Friday, November 30, 2018

Impacts of Antibiotic Resistance 

Have you ever gotten a cut or scrap? Have you ever gotten a bacterial infection? Did it all turn out fine because you had antibiotics to treat it? What would you do if antibiotics were not so readily accessible? Well that could be a possibility soon as antibiotic resistance is on the rise and a serious threat to society today.

Bacteria obtaining antibiotic resistant can cause further implementation of very costly medication. This can become a problem for many uninsured or low-income populations. 

Antibiotic resistance also has an impact on research because scientist now have to implement a new method to target these newly antibiotic resistance bacteria.


 
Can the use of antibiotic in animals affect humans?
YES! The food that we consume can have genes that carry resistance and once we are in contact with it, it can attack our good bacteria and create mutations to other strains.

Always be careful of what you eat and check if you are eating uncooked meat
Prevention: Is there something that I can do to avoid this?
 
While antibiotic resistance is a naturally occurring phenomenon there are ways to help impede the process and stop the spreading of bacteria and antibiotic resistant bacteria.
For example, when prescribed antibiotics one can take the drugs as directed by a certified health professional. This means to take the medicine until the doctor says its okay to stop. The reason being is because people start feeling better, they stop taking the antibiotics which in turn leaves some bacteria alive which then can mutate and adapt to be resistant.
Another way to help is to only take antibiotics if it is prescribed. Also we need to stop the overuse and misuse of the drugs. Doctors now will try to avoid giving certain antibiotics until absolutely necessary as they do not want these drugs to become less effective.

Simple things like washing your hands regularly throughout the day and after using the bathroom, drinking clean water, and be sure that food is cooked thoroughly.
How does overuse of antibiotics cause resistance?


The frequent use of antibiotics when not necessary can cause the bacteria to adapt and evolve so that the antibiotics do not work against them. Due to the common and inappropriate use of antibiotics, certain bacteria that were once considered weak have become extremely resistant, even to the most powerful antibiotics available today. This is why it’s VITAL for health care professionals and patients to be mindful of the amount and frequency of antibiotics being prescribed/received. It is important to take antibiotics ONLY for bacterial infections. We can reduce the increasing strength of antibiotic resistance by allowing less severe illnesses, i.e. some that are caused by viruses, to just run its course. Losing the ability to treat serious bacterial infections is a major threat to public health.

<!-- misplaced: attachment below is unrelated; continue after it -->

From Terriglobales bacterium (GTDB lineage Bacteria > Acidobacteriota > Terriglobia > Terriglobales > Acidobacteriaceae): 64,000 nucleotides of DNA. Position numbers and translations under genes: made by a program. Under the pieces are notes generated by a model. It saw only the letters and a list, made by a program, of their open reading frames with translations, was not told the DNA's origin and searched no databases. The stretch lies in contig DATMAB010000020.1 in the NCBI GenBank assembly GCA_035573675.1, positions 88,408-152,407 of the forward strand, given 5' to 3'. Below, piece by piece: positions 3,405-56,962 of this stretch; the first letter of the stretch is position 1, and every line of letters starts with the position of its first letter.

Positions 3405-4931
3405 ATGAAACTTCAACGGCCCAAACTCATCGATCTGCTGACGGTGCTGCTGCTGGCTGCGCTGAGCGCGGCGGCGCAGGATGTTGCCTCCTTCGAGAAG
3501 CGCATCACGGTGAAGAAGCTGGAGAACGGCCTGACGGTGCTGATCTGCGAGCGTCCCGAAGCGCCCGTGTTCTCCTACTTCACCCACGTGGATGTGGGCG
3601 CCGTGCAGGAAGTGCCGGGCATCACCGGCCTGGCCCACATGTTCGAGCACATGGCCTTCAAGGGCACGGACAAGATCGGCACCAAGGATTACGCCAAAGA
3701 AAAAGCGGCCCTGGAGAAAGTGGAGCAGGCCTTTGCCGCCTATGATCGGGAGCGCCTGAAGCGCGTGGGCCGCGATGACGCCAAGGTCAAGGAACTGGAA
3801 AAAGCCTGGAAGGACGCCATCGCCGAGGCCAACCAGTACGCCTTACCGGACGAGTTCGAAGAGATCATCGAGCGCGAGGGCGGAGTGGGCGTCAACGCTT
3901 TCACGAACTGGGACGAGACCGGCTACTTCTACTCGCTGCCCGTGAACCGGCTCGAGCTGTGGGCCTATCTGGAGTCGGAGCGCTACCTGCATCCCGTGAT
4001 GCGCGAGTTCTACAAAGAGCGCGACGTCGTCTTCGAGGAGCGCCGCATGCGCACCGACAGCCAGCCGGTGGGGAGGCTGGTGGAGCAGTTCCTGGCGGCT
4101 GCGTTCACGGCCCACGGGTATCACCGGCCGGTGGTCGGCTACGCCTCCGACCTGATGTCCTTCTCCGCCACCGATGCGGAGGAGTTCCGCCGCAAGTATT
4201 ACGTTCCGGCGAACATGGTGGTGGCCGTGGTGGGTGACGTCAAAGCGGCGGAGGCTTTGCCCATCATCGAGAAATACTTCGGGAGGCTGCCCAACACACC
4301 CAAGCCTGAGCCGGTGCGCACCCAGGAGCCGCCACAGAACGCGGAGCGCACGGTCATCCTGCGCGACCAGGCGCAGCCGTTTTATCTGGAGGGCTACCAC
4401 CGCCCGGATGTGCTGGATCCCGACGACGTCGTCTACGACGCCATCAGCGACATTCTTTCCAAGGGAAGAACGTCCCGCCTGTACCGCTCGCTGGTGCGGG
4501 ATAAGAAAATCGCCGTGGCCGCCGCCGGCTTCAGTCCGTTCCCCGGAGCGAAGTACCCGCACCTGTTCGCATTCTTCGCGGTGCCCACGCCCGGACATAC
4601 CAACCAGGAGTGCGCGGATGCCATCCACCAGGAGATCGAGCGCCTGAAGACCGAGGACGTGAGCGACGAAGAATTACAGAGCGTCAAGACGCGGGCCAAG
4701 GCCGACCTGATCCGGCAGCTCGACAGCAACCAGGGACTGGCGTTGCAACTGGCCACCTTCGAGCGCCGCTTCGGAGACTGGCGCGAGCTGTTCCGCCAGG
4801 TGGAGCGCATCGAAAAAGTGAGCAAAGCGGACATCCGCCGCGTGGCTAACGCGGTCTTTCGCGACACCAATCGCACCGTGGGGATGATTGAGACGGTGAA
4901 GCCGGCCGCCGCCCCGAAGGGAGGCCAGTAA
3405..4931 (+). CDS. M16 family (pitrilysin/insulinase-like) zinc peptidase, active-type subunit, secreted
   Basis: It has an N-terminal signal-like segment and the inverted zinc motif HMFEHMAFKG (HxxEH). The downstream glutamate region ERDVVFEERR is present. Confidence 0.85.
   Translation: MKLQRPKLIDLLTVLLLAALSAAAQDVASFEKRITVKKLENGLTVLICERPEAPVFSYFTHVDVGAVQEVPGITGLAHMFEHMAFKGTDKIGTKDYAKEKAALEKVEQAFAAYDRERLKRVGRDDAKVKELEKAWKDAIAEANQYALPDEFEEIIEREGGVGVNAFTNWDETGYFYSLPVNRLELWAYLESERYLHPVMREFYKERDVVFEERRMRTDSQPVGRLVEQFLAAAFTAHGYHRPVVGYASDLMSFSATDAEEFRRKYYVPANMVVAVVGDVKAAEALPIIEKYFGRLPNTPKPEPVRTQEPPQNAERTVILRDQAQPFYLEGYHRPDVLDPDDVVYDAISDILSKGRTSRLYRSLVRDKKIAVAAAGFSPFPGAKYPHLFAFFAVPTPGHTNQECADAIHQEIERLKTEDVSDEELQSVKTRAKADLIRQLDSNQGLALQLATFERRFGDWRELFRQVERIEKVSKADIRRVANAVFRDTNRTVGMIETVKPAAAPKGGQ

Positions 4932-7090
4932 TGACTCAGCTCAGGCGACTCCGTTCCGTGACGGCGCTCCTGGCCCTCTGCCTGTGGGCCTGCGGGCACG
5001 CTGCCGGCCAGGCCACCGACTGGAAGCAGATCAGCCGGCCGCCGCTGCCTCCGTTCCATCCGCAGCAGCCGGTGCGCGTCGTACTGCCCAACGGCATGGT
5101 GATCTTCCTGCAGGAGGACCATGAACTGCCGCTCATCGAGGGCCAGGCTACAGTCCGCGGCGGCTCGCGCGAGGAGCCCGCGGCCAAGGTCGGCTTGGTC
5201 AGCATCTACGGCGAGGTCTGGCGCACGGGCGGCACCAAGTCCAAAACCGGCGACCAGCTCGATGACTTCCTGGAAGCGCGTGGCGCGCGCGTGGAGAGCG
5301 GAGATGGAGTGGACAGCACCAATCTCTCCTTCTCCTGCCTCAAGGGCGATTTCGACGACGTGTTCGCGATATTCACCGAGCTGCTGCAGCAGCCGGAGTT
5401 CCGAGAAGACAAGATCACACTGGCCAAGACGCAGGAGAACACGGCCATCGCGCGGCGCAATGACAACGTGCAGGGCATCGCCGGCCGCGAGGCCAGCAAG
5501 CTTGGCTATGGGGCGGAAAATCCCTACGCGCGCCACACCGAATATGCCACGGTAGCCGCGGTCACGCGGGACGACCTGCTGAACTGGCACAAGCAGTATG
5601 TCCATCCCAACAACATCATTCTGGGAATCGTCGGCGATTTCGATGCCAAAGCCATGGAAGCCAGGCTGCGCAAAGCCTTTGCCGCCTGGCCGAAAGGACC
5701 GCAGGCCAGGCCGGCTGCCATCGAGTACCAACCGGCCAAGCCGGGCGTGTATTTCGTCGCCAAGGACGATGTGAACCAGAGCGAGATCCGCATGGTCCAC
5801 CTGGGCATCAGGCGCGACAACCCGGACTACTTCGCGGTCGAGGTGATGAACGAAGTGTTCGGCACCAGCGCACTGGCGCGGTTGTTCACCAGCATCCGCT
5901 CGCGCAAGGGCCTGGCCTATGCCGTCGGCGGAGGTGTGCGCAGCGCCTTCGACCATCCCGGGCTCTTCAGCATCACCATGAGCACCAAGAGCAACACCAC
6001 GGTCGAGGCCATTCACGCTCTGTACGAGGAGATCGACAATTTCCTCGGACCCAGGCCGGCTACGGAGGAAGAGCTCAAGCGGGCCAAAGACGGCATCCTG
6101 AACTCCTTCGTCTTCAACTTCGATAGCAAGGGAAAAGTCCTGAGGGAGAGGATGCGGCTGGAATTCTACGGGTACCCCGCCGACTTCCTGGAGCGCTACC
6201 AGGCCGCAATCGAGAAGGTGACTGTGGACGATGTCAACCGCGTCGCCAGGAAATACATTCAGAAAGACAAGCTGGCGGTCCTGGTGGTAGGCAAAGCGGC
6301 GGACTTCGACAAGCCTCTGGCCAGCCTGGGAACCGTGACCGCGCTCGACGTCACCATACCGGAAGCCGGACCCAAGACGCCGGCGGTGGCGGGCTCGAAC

Gram negative vs Gram positive

These are two different types of bacteria; gram negative and gram positive. Due to gram negative bacteria’s unique outer membrane, they are generally more resistance to antibiotics than gram positive bacteria. Their unique outer membrane excludes certain drugs and antibiotics from penetrating the cell. The pink stained bacteria is gram negative and the purple stained bacteria is gram positive.

Thursday, November 29, 2018

A brief summary on how Antibiotic resistance may occur:

https://www.youtube.com/watch?v=znnp-Ivj2ek

Why should we care? 

We should care about antibiotic resistance because it poses a threat to humans. For example, there are some bacterial infections that were once able to be treated in humans using a specific antibiotic, that are no longer able to be treated due to antibiotic resistance. This includes the methicillin-resistant Staphylococcus aureus (MRSA), that is also resistant to a lot of other antibiotics.
To further add: MRSA acquired its resistance from a non-native gene that encodes a penicillin-binding protein, significantly lowering its affinity for B-lactams. This resistance allows cell-wall biosynthesis, the target of B-lactams, to persist even in the presence of common antibiotics such as amoxicillin, methicillin, and penicillin.
Some ways in which we can bring antibiotic resistance to a minimum is not use antibiotics when unnecessary, like using antibiotics to treat the common cold, as antibiotics do not help against the common cold. Also, when prescribed an antibiotic to treat a bacterial infection, continue to take the antibiotics until they are gone instead of discontinuing them once asymptomatic.
Antibiotics are only able to treat bacterial infections; therefore, people should not use antibiotics to treat a common cold. There are some misconceptions that people have and it is important to spread this information to people to prevent antibiotic resistance.

According to the CDC, at least 30% of the antibiotics are prescribed in a misuse manner.

Impacts of Antibiotic Resistance  Have you ever gotten a cut or scrap? Have you ever gotten a bacterial infection? Did it all turn out fi...